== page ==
My business partner and I, after we finished this film Harvest, we were thinking, “What are some of the other movie ideas could we do?” One thing that struck us and really stuck with us was the idea of the portrait of a serial killer as a young boy. And I was gonna do something like take the portrait of the artist as a young man, as a roadmap structurally to try and create some fictional story about a guy who would one day become a serial killer. We were also looking at the graphic novel “Space”… I’m not a long time reader of graphic novels and comics, but I knew that in the last couple years that they’re in their golden age right now and that there’s a lot of very subversive interesting stories that are being told there that would be great source material.

Then when I went to the New York Comic-Con, I came across a meeting a lot of the publishers and looking for exactly some interesting books. They weren’t public yet with this new book that was going to come out the next year, and someone gave me a very early advanced copy of My Friend Dahmer. The merging of those two ideas in our head, naturalistic graphic novel and this other concept, but now I realized I was dead-set on making this film; which was going to be based on a real person from history. Then I used the book as my source material, and sort of like my Bible. Since it’s a nonfiction book from a first person account, and he’s a journalist originally by trade, the book is just full of facts, so I could just stay loyal to the book to tell the story.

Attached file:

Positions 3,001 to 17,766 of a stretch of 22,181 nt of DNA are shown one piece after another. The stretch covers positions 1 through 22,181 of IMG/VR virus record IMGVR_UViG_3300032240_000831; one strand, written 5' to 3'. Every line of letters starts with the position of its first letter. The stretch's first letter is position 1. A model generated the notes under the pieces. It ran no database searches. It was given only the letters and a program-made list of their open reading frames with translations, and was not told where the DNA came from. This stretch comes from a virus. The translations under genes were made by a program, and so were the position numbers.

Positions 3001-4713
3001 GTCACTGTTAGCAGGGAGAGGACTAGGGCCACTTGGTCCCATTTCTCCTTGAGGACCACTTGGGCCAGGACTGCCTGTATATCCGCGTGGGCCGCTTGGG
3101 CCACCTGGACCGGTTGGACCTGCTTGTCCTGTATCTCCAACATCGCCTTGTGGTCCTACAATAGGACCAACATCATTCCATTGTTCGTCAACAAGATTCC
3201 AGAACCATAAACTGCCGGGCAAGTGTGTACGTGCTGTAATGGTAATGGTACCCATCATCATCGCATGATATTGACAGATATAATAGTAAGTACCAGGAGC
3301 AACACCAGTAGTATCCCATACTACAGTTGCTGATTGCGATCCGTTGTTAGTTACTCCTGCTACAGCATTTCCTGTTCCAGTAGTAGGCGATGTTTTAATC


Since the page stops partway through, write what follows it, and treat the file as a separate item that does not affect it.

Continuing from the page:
So you had the graphic noel for a basis, but did you meet with Derf and actually spend time with him while researching for the screenplay?

After I read the first draft, he then happened to invite me over to stay with him and I went to Cleveland and I stayed at his house for a couple days. He grew up in Akron, 45 minutes south, so every day we woke up and we drove down to Akron, and we went around and he almost gave me a tour of the book and showed me the streets that he drew, the houses where him and his friends grew up. We went to the high school and walked down the halls, and he showed me what part of the cafeteria they sat at and gave me a tour of the book.

I was videotaping and recording audio of our conversations in the car and all along the way to just get more information as he pontificated and recalled the source material and other details that sort of provided for what ended up in the book. He also took me to Jeffrey Dahmer’s actual childhood home. We got connected to the owner of the home, who I’m now friends with myself, and we walked around that property. That’s when I had a full lay of the land, which helped me not only with rewrites, but then I became determined that we were gonna make the film in Ohio and shoot the actual Dahmer house.

I had been wondering if you were tempted to shoot in that area or if it was too sensitive a subject matter?